Although electronic cigarettes (e-cigarettes) have only been around since 2004, too little time for researchers to complete definitive studies on their effects on human health, Americans polled by STAT and the Harvard T.H. Chan School of Public Health have made up their minds: e-cigarettes are harmful to people’s health.
Manufacturers of e-cigarettes market their products as a safer alternative to tobacco cigarettes, and also an effective way to help people stop smoking altogether. The results of this poll suggest, however, that the public is not sold on the idea.
The use of e-cigarettes is increasing rapidly, particularly among youth, and both Republicans and Democrats would like to see more regulation of the e-cigarette industry, according to STAT News. Experts agree that e-cigarette regulations should address safety issues, such as:
- E-cigarettes should be safe to operate.
- The liquid used should be free of contaminants or toxins including diacetyl, which may cause harm to the respiratory system over time.
- The devices and liquid containers need to be childproof.
- E-cigarettes should not be sold to minors.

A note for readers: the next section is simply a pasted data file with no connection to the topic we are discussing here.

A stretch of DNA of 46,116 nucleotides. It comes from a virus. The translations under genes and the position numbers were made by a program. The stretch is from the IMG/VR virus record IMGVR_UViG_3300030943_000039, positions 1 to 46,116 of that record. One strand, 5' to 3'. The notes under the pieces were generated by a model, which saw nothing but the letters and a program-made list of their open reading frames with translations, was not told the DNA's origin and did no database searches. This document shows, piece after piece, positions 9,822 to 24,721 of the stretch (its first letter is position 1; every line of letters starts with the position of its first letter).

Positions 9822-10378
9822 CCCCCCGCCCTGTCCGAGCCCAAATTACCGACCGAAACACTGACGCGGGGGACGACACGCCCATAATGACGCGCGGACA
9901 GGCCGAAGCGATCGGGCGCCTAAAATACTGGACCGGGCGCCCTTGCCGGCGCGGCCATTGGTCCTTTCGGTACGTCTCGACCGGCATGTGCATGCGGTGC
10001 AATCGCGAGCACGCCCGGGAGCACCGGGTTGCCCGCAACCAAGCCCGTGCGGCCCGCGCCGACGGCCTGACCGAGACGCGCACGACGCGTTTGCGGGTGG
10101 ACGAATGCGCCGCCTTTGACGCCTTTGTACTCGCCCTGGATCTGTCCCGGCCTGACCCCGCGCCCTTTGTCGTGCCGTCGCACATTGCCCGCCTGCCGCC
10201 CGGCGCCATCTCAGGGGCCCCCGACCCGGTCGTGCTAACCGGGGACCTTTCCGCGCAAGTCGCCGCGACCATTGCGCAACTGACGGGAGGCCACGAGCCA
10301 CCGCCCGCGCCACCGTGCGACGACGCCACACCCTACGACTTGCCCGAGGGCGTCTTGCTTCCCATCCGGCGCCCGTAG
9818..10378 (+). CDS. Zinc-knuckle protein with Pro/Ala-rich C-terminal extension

- Advertising that glamorizes and normalizes the use of e-cigarettes should be banned.
- E-cigarette companies should be required to provide data about the composition of nicotine cartridges and the health effects of the chemical compounds that accompany nicotine in the aerosol inhaled by e-smokers.
Since so little is known about the widespread effects of e-cigarettes, regulations could also create a system for reporting adverse events, such as the recent death of an 18-month-old New York child from drinking a vial of liquid nicotine. The child died from cardiac arrhythmia caused by nicotine ingestion, according to the coroner’s report.
After the incident, New York Governor Andrew Cuomo signed a bill requiring child-resistant packaging on all liquid nicotine sold in the state, and banning the sale of the substance to those under 18. Liquid nicotine is toxic in doses as small as one-half teaspoon, and even a small amount splashed on a child’s skin can make them very ill, according to the American Academy of Pediatrics.